(1) The Pilbrow point. Mr. Green alleges that he had engaged MRP, and subsequently Manches, on the express basis that he would have the services of a qualified solicitor, and that it was never explained to him that Mr. Kirton was not a solicitor. The Greens say that this is something of which they were wholly unaware until the conclusion of the hearing before Mr. Nugee. Mr. Green says that that constituted a fundamental breach of duty such that neither firm was entitled to recover any fee for its services: he relies on the decision of the Court of Appeal in Pearless de Rougemont & Co. v. Pilbrow [1999] 3 All ER 355 (“ Pilbrow”). He thus claims not only that he has a defence to the entirety of Manches' claim but also that he has a restitutionary claim for repayment of the £39,000 paid to them and the entirety of the monies paid to MRP: such a claim was allowed in Adrian Alan Ltd. v Fuglers [2002] EWCA (Civ) 1655. The relevant averments are at paras. 6, 9, 12–13 and 28 of the Re-Amended Defence and Counterclaim.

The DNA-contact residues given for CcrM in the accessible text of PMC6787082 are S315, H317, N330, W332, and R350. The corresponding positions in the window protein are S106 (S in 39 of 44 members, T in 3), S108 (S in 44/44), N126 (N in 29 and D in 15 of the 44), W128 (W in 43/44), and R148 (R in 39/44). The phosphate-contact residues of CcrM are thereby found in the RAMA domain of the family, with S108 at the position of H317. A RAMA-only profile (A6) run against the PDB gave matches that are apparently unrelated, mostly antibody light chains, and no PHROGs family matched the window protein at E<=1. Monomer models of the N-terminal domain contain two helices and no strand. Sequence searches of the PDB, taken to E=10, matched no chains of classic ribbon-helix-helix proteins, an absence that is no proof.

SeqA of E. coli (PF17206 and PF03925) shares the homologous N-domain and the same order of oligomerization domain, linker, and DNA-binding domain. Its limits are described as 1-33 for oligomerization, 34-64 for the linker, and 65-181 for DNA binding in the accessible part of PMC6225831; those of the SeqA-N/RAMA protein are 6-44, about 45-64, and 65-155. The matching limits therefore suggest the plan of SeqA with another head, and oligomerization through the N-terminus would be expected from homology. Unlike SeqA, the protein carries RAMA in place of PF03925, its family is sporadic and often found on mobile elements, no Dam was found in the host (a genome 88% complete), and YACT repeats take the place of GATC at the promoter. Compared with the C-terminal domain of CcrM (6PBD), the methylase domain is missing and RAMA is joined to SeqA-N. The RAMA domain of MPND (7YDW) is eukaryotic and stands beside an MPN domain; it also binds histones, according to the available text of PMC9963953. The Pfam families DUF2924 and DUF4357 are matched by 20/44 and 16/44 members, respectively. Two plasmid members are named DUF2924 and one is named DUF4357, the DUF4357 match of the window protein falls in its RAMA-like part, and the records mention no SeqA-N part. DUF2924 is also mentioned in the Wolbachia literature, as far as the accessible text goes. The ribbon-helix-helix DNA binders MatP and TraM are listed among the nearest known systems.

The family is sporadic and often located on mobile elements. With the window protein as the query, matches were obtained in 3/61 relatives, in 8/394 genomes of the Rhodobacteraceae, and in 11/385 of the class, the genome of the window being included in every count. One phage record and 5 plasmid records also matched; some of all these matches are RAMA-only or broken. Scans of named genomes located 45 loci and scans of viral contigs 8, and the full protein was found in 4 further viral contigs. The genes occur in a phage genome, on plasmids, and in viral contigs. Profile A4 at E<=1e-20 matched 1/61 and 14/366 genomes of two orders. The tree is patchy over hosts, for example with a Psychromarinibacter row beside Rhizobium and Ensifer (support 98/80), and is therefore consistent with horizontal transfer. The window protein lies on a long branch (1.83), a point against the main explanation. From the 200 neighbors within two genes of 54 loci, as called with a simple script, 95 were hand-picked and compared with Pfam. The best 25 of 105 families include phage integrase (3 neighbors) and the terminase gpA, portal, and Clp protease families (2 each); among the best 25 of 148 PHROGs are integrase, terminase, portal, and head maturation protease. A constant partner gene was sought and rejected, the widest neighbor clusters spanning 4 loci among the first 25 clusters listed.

(2) Mr. Adams. Mr. Green alleges that MRP were negligent in failing timeously to ascertain whether the Finance Director of Imagination, Mr. Richard Adams, would be prepared to give evidence in support of the claim against Skandia. It is common ground that Mr. Adams' evidence was crucial to the claim; but he was not approached until April 2005. When he was eventually approached it transpired that he was very unwilling to assist; but Mr. Green says that he was not told this. He says that if Mr. Adams' attitude had been ascertained, as it should have been, in or around February 2004, or in any event if it had been properly communicated to him once ascertained over a year later, he would not have proceeded any further with the Skandia litigation. On that basis Mr. Green not only denies liability on the outstanding bills but claims damages equivalent to the full amount paid to MRP since February 2004, namely £295,734.58, plus the £39,000 paid to Manches and the amount of his costs liability to Skandia. The relevant averments are at paras. 11, 14–17 and 22–23 of the Re-Amended Defence and Counterclaim.